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JBSA News
NEWS | Sept. 17, 2015

METC prepares future medics for any situation

Joint Base San Antonio- Randolph Public Affairs

The Medical Education and Training Campus at Joint Base San Antonio-Fort Sam Houston graduates an average of 5,400 Air Force medics and Navy corpsmen from the Basic Medical Technician Corpsman Program annually.

During their training the future medics and corpsmen learn to react, and to be ready for any emergency like Airman 1st Class Spencer Stone.

On Aug. 21, Stone tackled and disarmed a suspected terrorist saving countless lives aboard a high speed train headed to Paris, France.

After using a choke hold to neutralize the gunman, Stone’s instincts as a trained medic took over as he rushed to save the life of a fellow passenger who was bleeding from a bullet wound.

Realizing the need to stop the bleeding, Stone put his fingers into the open wound on the victim’s neck and applied pressure directly on the artery to stop the bleeding.

Stone, who was recently promoted to Staff Sgt. by Air Force Chief of Staff, Gen. Mark Welsh, was able to react to the situation and use his life saving skills because of the training he received as a BMTCP student.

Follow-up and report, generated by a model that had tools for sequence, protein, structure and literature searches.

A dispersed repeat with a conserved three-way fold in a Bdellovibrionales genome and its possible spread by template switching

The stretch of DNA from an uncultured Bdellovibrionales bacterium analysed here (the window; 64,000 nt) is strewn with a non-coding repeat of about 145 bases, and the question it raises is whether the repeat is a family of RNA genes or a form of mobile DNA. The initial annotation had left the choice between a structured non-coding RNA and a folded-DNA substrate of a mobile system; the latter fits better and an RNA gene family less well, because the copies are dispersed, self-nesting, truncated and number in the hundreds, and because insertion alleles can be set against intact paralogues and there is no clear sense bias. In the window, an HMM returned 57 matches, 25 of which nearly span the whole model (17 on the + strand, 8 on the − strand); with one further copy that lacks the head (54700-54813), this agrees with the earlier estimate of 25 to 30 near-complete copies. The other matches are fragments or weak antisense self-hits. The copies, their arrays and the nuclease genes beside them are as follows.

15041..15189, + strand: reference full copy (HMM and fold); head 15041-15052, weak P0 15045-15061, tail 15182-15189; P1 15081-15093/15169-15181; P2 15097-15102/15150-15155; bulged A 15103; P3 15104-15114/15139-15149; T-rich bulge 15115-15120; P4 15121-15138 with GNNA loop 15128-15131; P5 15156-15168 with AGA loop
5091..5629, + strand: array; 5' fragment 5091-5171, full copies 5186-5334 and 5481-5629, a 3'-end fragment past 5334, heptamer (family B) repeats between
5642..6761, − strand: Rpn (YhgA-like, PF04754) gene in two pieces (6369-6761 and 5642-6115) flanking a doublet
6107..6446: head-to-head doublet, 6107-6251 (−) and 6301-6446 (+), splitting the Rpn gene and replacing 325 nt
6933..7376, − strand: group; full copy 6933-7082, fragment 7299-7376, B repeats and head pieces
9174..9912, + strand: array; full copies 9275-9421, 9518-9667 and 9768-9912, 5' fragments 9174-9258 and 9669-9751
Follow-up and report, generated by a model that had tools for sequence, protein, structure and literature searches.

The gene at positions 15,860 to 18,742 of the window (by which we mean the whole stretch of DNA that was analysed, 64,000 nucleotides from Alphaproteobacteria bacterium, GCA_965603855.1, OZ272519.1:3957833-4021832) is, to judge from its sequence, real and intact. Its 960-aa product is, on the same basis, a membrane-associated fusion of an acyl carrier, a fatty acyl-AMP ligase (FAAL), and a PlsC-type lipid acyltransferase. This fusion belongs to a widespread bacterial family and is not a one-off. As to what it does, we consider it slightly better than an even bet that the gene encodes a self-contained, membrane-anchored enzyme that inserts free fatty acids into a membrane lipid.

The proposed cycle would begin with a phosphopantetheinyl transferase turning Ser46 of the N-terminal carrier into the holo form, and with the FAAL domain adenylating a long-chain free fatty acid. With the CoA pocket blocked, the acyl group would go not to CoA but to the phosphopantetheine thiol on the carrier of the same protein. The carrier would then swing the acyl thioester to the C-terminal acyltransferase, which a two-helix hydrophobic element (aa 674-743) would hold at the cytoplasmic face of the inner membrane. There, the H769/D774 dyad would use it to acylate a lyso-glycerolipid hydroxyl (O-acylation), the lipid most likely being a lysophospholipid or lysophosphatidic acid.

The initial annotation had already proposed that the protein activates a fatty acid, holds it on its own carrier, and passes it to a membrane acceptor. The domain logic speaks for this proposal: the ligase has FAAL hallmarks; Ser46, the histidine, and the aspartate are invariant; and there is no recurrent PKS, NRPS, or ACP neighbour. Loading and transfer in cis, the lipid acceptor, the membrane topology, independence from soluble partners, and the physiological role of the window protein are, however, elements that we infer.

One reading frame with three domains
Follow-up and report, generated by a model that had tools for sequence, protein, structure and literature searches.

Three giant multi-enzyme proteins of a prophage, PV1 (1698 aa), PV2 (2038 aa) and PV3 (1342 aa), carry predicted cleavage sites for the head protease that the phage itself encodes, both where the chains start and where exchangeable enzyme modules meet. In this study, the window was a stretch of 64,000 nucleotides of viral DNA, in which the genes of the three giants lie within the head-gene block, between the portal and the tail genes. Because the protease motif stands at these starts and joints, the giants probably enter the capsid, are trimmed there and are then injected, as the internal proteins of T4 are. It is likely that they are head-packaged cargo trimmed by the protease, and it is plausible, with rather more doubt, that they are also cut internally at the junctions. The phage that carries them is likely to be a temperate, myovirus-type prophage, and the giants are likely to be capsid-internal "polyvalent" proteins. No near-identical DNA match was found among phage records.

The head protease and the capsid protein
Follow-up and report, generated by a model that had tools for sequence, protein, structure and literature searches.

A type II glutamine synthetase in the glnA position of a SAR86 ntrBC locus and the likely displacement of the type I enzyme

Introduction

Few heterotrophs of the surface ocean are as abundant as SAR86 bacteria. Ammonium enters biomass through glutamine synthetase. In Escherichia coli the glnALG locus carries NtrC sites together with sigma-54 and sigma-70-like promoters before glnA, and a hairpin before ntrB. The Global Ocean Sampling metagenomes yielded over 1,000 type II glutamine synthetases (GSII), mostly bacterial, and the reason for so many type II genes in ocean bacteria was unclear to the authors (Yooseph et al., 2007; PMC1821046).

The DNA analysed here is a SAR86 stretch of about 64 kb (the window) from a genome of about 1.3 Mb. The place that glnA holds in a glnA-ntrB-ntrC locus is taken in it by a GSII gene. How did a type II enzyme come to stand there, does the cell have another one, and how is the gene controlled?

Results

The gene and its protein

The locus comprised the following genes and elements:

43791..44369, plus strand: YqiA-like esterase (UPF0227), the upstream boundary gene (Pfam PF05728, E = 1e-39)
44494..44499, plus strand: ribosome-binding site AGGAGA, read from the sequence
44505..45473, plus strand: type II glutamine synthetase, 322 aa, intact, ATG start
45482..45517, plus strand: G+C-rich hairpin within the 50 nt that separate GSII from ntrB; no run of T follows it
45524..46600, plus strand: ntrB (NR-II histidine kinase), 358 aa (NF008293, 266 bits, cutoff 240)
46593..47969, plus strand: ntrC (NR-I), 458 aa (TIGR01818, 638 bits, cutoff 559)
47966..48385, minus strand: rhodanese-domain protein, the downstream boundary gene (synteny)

The 14-week program consists of a variety of lectures, repetitive hands on instruction and clinical practice to ensure the medics in training can perform life saving measures when called upon.

We’re creating the next generation of medics,” Staff Sgt. Amber Langsteiner, BMTCP instructor, said. “We are insuring that our knowledge continues on. Each of the instructors here have anywhere between five and 15 years of experience. We’ve learned a lot and we have a lot to teach these students; ensuring they have the tools necessary to go out and apply their skills elsewhere.

To complete the course, students must remain focused, be willing to learn and have the ability to react to any situation at all times.

 We want to make sure our students understand (their training) is not just for them to deploy,” Tech. Sgt. Lakisha Mosley, BMTCP instructor said. “They can be in the Commissary, the PX, in a local mall or grocery store and need to assist someone.

By training the next generation of medics for the department of defense, the instructors at BMTCP are able to impact lives around the world.

 Having our students apply what they learn here is the most rewarding part of our job,” Langsteiner said. “We teach 11,000 students every year; if every student saves one life, that is a lot of lives saved.”